Watching a dog bound through the sand and ocean can be almost as much fun for humans as for canines. Now that summer has hit, a trip to a nearby dog beach may be the perfect way to spend a day out with the pup.
Here are a couple places to go in and around Orange County, as well as some things to keep in mind.
Huntington Dog Beach: When dog owners think of an Orange County dog beach, it’s Huntington Dog Beach that comes to mind. Though technically dogs must be leashed, according to the dog beach’s website, the ordinance has mostly been enforced over the last several years only for loose, dangerous dogs.
Many pet owners love the beach for its cleanliness and friendly vibe. The dog beach is run by the nonprofit Preservation Society of Huntington Dog Beach, which helps maintain the beach and provides doggie poop bags. Huntington Dog Beach is located on Pacific Coast Highway between Seapoint Street and Goldenwest Street in Huntington Beach and is open daily from 5 a.m. to 10 p.m. Metered parking is available. dogbeach.org
Rosie’s Dog Beach: Orange County pet owners looking for another nearby beach can head to Long Beach to Rosie’s Dog Beach, a 4-acre area that allows unleashed dogs in the “Dog Zone” at specific times. Parking is usually easy, and there is an overall pleasant and friendly atmosphere. Note that the area is not fenced, so it’s important to keep careful watch of your dog at all times.
Though some poop bags are available, the Long Beach website recommends bringing your own. The dog beach is located on Ocean Boulevard between Granada Avenue and Roycroft Avenue and is open to dogs from 6 a.m. to 8 p.m. daily. Metered parking is available. longbeach.gov
Unofficial dog beach in Newport Beach: Earlier this year, this hidden strip near the northern part of Newport Beach – an unofficial dog beach – was closed for Santa Ana River dredging work by the county, according to Tara Finnigan, Newport Beach deputy city manager. The project removed sand that had built up in the flood control channel, including the sandy area where pet owners had been letting their dogs run off-leash, she says. The dredging project was to be completed in June, but it may create short- or long-term changes in that space, limiting access for beachgoers, both human and canine, Finnigan says.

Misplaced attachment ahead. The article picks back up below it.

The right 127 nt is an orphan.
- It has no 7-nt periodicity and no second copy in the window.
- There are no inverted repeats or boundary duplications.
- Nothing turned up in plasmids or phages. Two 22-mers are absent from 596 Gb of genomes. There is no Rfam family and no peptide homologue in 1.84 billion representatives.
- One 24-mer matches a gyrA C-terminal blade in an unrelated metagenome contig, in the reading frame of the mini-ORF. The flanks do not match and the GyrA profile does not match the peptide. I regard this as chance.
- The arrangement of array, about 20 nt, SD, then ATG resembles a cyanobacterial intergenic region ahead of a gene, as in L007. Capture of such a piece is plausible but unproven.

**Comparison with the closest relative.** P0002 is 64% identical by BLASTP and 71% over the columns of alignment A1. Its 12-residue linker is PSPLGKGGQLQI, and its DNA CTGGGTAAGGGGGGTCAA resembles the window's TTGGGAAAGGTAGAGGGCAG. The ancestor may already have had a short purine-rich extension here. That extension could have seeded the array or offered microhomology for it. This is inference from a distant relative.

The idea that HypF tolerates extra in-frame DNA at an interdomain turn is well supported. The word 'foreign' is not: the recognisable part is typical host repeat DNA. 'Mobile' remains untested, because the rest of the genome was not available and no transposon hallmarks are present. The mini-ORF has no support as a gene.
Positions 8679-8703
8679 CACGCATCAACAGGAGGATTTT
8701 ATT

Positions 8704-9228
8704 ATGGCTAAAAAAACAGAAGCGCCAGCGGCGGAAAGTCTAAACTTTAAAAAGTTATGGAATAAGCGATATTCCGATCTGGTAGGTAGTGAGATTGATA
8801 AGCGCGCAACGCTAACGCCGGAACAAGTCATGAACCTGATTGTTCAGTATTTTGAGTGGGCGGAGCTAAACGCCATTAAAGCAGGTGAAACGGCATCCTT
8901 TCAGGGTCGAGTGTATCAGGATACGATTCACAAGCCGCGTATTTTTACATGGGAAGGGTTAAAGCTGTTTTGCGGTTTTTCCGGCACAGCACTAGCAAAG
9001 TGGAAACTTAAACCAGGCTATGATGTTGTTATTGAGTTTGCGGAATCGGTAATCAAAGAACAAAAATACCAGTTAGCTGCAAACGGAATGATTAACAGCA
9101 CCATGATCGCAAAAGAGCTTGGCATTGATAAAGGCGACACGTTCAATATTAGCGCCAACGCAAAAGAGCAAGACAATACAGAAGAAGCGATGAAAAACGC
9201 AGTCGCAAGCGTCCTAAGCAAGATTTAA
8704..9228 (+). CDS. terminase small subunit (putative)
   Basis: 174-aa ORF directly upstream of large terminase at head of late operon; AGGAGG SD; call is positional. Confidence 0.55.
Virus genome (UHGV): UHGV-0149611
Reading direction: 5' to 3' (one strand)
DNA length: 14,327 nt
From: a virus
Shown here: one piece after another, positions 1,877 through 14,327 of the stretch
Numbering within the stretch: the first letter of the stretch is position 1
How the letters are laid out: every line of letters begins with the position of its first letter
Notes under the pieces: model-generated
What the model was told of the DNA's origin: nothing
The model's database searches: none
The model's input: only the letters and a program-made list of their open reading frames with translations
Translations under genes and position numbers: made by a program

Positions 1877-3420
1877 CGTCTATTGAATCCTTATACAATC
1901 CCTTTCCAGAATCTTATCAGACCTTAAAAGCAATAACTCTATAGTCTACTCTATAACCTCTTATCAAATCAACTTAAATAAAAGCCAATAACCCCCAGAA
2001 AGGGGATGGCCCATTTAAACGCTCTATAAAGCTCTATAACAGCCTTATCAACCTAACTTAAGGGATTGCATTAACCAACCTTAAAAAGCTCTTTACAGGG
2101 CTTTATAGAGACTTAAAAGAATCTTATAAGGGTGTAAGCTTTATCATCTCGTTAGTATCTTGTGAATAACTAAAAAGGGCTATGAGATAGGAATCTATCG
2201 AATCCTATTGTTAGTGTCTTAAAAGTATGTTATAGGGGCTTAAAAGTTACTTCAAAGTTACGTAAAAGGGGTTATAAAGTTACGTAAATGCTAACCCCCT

Dogs are not actually allowed off-leash on that section of county property or on the adjacent city of Newport Beach beaches, she says, but Newport Beach does allow leashed dogs on its beaches before 10 a.m. and after 4:30 p.m.
Tips before you go
Leave aggressive or anxious dogs home: While the idea of letting your dog run free through saltwater and sand is an enticing one, not all dogs are fond of water or of other dogs. If you have a dog that is easily frightened or doesn’t like water, skip the dog beach. Dogs who can’t get along with others or are aggressive also should stay home. Since not all dogs can swim, never force your dog into water. Let him go at his own pace.
Bring supplies: A trip to the dog beach isn’t as simple as a walk around the block. Sand and ocean water are messy, so bring a few towels for your dog and for the car. Bring plenty of water, so your dog isn’t tempted to drink saltwater, and always have his leash readily available, whether or not it’s an off-leash dog area. Even if your dog is friendly, not all dogs are, and you might need a leash to move your dog out of the area quickly. Oh, and don’t forget the doggie bags.
Know the risks: Depending on the cleanliness of the dog beach, there is always a possibility of your dog ingesting fecal matter or some other less-than-appetizing substance. As with any location where dogs congregate, there’s a risk of your dog contracting fleas or a contagious disease like kennel cough from other dogs. And, of course, there’s the risk of your dog being attacked by another dog. Because of these risks, it’s important to keep a close eye on your dog and quickly remove him from a situation that seems unhealthy or unsafe.
Be considerate: Always clean up after your dog. Don’t allow your dog to bully or be pushy with other dogs. If your dog is feeling under the weather, don’t take him out to the dog beach – this is for his well-being and the well-being of other dogs as well.
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